Clubs need to update safety regulations
In the early hours of Sunday morning, at least 235 young adults lost their lives in a fire at the Kiss nightclub in Santa Maria, Brazil. Tears have been shed, but from the ashes, an opportunity to create a safer, more civil, less rule-bending community should be salvaged â€” not just at the club, but in international society at large.
The current details revealed have raised some eyebrows. That night, a crowd of 2,000 people â€” more than Kissâ€™s legal capacity of 691 â€” packed the club to hear the band Gurizada Fandangueira play.
According to CNN, â€śduring their performance, the band used pyrotechnics that they were knew were for outdoor use only,â€ť opting â€śto buy this particular firework because it was cheaper than the indoor-use kind.â€ť When the fireworks set off, the ceiling caught on fire and things spiraled out of control. In the aftermath, investigators said they found evidence of faulty and fake fire extinguishers at the club, which had expired fire and municipal licenses.
Given this scenario, itâ€™s easy to begin finger-pointing. Was it the clubâ€™s fault? The bandâ€™s fault?
Maybe even the clubgoers themselves? What about the security personnel that supposedly blocked clubgoers from leaving because they thought that revelers were trying to skip out on their bills? In search of an explanation, people will blame it on overcrowding, irregularities in the construction of the nightclub and so on. So far, four people have been arrested â€” a band member, the show producer and two club owners.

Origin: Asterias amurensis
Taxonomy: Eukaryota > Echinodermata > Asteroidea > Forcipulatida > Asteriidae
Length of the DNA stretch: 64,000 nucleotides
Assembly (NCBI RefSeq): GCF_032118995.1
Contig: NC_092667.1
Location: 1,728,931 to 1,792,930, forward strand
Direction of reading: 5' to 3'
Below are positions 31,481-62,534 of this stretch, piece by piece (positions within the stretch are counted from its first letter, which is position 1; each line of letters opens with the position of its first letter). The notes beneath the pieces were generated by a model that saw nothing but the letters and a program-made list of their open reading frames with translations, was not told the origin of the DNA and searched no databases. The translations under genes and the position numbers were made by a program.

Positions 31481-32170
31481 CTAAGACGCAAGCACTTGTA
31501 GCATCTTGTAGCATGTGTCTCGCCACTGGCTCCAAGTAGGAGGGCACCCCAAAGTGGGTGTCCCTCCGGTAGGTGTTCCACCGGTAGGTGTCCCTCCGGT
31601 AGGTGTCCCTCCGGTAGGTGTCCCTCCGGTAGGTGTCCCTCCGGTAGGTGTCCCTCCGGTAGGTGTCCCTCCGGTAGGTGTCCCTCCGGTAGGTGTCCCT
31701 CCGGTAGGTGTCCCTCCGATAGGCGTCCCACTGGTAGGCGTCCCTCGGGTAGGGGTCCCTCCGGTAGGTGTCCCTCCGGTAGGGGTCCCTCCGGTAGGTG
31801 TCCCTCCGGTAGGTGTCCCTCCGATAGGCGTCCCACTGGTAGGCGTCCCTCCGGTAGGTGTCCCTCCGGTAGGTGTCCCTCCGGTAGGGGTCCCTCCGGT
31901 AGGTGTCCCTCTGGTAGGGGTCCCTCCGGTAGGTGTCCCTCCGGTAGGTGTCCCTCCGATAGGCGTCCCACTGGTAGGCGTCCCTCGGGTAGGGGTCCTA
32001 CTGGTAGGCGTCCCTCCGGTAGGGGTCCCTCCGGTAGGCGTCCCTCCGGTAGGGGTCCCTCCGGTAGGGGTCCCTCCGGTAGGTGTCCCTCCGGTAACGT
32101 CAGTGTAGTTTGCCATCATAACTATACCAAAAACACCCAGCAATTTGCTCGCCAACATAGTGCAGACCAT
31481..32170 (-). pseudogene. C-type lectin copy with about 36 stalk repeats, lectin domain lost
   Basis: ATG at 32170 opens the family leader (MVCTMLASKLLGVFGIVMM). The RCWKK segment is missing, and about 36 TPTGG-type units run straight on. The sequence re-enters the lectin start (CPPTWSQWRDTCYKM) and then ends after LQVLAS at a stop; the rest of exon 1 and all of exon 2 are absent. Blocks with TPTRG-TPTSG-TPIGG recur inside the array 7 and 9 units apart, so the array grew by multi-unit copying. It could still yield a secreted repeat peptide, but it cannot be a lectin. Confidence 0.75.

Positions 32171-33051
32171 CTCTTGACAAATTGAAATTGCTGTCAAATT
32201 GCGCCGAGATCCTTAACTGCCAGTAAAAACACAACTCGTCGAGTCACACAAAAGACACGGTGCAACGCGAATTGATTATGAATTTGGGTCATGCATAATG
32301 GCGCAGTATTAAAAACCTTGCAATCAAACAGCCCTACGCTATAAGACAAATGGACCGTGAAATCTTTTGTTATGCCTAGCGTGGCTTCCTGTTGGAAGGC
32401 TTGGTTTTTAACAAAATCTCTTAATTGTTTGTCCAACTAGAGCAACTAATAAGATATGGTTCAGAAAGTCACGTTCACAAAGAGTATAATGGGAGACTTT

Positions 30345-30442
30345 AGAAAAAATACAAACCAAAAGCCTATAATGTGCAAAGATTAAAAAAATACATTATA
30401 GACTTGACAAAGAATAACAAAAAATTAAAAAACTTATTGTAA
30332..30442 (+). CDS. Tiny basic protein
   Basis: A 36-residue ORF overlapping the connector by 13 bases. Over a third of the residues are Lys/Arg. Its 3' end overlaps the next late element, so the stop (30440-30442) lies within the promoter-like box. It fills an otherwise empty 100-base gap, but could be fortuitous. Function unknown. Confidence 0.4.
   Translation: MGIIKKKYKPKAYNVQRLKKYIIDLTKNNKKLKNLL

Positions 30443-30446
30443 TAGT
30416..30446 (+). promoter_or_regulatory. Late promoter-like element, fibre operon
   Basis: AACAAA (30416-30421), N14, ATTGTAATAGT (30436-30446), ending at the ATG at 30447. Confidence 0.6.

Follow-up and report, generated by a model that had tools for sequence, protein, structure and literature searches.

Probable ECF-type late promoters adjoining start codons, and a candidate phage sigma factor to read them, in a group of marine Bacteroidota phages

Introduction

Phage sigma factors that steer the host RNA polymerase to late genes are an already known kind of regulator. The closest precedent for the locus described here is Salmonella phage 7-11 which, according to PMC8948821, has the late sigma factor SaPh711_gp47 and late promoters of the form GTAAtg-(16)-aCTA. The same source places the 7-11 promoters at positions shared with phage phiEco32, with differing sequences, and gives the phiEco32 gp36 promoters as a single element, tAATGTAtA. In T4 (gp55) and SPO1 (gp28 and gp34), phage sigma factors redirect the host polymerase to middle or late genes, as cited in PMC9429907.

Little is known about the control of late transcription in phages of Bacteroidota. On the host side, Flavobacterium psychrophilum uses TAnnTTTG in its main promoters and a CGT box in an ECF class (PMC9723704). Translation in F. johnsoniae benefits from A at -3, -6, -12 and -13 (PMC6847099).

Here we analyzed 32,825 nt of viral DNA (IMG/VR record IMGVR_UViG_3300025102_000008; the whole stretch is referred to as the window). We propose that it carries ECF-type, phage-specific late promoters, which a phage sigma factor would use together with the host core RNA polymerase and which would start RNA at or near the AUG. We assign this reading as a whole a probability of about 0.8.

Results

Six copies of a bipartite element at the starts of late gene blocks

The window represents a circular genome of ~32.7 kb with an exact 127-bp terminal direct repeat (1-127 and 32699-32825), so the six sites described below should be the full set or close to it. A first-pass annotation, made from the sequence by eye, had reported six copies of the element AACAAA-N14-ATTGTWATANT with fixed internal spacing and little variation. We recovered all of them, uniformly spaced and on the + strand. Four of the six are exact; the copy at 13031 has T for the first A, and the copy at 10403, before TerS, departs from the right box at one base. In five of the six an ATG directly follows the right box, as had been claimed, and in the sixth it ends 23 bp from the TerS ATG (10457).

Though it is only fair that someone should be punished for an obviously fixable mistake, focusing on the blame game does not solve anything or move the issue forward so that future tragedies can be prevented. The only way to not let this tragedy have happened in vain is to do something to change, to push forward, learn and never forget.
Of course, outdoor pyrotechnics should be banned from closed spaces. Of course, a place with the capacity to fit this many people should not be overcrowded for any reason. Of course, there should always be more than one fire exit to buildings. But to condemn the staff and owners of Kiss just shows that weâ€™re not looking at the bigger picture.
The tragedy that has befallen the Kiss nightclub could have happened anywhere, and itâ€™s time for a wake-up call for all clubs and public event spaces worldwide to reform and become more aware of the consequences of ignoring safety measures.
If not, the issue will become a vortex of guilt and destruction, as recent news of one of Kissâ€™ club owners attempted suicide already demonstrates. The suicide attempt happened while he was being held under police guard at a hospital, where he is being treated for smoke inhalation.
Moving beyond self-blame to really do something about the issue at hand is key. Let this tragedy be a wake-up call to spark change for all clubs, to raise awareness of true danger and to set up precautions so that people having fun can be safe rather than sorrowful.
Valerie Yu is a freshman majoring in biological sciences and English. Her column â€śHeart of the Matterâ€ť runs Fridays.